SpaCy – Introduction for NLP | Combining NLP Models and Custom rules

Published by Roshan on

Combining NLP Models and Creation of Custom rules using SpaCy


Objective: In this article, we are going to create some custom rules for our requirements and will add that to our pipeline like explanding named entities and identifying person’s organization name from a given text.

For example: For example, the corpus spaCy’s English models were trained on defines a PERSON entity as just the person name, without titles like “Mr” or “Dr”. This makes sense because it makes it easier to resolve the entity type back to a knowledge base. But what if your application needs the full names, including the titles?

  • Mr. Laxmi Kant
  • Mr. Roshan Kumar Gupta
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SpaCy

If a normal data analysis tool in Python for tabular and structured data has Pandas, then the data analysis tool in Natural Language Processing (NLP) for text and unstructured data has spaCy.

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When you’re first starting out as a data scientist, chances are you’ll be dealing with structured data which doesn’t necessarily require spaCy to handle complicated text data, depending on your needs.

In most cases — Pandas will fit your usage as it’s powerful enough to do most of the data cleaning and analysis for structured data.

Once you start dealing with unstructured text data — basically NLP stuff — where this can no longer be handled by Pandas, this is when spaCy comes in with tons of in-built capabilities to process, analyze and even understand these data through sophisticated and efficient NLP techniques.

SpaCy provides a one-stop-shop for tasks commonly used in any NLP project, including:

  • Tokenisation
  • Lemmatisation
  • Part-of-speech tagging
  • Entity recognition
  • Dependency parsing
  • Sentence recognition
  • Word-to-vector transformations And Many convenience methods for cleaning and normalising text

By the end of this article, I hope you’ll understand more about spaCy and how you could leverage this powerful tool in your domain space as well as other areas.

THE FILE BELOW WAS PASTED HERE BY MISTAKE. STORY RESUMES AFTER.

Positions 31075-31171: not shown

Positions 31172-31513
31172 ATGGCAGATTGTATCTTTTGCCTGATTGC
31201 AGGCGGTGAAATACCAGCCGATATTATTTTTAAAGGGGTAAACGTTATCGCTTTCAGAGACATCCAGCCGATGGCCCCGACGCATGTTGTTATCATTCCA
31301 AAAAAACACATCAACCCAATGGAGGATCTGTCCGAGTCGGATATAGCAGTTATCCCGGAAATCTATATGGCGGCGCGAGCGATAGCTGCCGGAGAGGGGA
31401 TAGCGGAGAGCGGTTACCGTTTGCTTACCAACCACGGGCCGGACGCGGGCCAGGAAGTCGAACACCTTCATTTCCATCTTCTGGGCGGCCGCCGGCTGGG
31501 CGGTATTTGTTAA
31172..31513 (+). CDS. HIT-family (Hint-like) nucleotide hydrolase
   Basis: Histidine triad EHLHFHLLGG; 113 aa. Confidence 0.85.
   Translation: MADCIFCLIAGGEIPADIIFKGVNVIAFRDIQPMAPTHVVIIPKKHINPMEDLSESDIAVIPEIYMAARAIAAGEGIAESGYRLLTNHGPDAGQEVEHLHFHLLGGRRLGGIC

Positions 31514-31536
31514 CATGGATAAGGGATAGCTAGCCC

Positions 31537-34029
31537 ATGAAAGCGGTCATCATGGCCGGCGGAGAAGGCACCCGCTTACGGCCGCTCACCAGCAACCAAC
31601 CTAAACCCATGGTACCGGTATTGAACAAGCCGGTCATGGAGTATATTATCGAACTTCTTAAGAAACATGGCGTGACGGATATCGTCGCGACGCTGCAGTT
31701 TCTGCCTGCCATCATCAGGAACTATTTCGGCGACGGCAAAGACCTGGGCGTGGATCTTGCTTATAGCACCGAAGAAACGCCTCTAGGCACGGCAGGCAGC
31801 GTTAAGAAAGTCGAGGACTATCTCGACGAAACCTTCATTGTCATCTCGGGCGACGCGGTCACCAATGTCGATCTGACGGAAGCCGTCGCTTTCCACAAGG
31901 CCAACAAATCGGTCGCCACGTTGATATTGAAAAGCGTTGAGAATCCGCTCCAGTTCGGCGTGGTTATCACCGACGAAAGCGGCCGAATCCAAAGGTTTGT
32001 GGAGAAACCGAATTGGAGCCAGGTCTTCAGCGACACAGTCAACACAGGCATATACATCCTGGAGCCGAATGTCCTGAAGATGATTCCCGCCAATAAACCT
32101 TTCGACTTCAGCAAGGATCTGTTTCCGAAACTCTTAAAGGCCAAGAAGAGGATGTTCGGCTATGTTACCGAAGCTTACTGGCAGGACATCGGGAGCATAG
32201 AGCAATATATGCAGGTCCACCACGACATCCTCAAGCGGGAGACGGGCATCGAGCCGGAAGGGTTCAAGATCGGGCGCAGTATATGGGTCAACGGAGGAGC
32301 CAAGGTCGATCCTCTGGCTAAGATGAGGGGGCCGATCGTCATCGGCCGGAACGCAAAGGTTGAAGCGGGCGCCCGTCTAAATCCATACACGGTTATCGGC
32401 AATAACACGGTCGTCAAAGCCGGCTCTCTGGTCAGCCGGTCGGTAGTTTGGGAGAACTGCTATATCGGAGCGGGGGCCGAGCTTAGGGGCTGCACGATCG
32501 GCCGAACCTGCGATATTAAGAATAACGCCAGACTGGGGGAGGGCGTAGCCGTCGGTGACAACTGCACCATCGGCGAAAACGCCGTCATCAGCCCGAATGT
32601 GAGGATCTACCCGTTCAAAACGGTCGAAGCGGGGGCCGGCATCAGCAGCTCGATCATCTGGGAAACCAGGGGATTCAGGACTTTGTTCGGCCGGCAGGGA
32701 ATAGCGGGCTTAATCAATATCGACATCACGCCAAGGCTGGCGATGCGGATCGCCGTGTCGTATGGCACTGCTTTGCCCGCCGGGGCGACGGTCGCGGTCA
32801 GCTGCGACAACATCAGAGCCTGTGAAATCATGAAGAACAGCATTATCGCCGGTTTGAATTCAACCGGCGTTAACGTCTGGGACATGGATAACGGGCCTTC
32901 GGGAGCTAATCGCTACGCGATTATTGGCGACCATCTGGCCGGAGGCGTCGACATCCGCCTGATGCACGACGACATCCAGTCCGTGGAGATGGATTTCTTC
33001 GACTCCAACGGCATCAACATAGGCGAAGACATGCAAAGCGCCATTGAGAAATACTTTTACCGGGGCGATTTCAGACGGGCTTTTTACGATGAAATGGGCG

Let’s get started!


Additional Reading:

Language Processing Pipelines:

https://spacy.io/usage/processing-pipelines

Natural Language Processing and Computational Linguistics:

https://www.packtpub.com/product/natural-language-processing-and-computational-linguistics/9781788838535

Watch Full Video Here:

You can combine statistical and rule-based components in a variety of ways. Rule-based components can be used to improve the accuracy of statistical models, by presetting tags, entities, or sentence boundaries for specific tokens. The statistical models will usually respect these preset annotations, which sometimes improves the accuracy of other decisions. You can also use rule-based components after a statistical model to correct common errors. Finally, rule-based components can reference the attributes set by statistical models, in order to implement more abstract logic.

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Notebook Setup

Installing libraries

# !pip install -U spacy
# !pip install -U spacy-lookups-data
# !python -m spacy download en_core_web_sm

Importing libraries

import spacy
from spacy.matcher import Matcher
from spacy.tokens import Span
from spacy import displacy

One of spaCy’s most interesting features is its language models. A language model is a statistical model that lets us perform NLP tasks such as POS-tagging and NER-tagging.

Here, we are using spacy.load() method to load a model package by and return the NLP object.

#loading english language model

nlp = spacy.load('en_core_web_sm')

Next, we call nlp() on a string and spaCy tokenizes the text and creates a document object.

doc = nlp('Dr. Alex Smith chaired first board meeting at Google')
doc
Dr. Alex Smith chaired first board meeting at Google
print([(ent.text, ent.label_) for ent in doc.ents])
[('Alex Smith', 'PERSON'), ('first', 'ORDINAL'), ('Google', 'ORG')]

Use of Name Entity Recognition

Now we are creating our rule to add a title along with entity where entity label is PERSON.

Below are the steps which we are peforming:

  • Creating a function that will take input.
  • Iterating over each word or token or doc, if any token is having entity label as PERSON and its starting position is not zero.
  • Checking if the previous token is having values in (‘Dr’, ‘Dr.’, ‘Mr’, ‘Mr.’).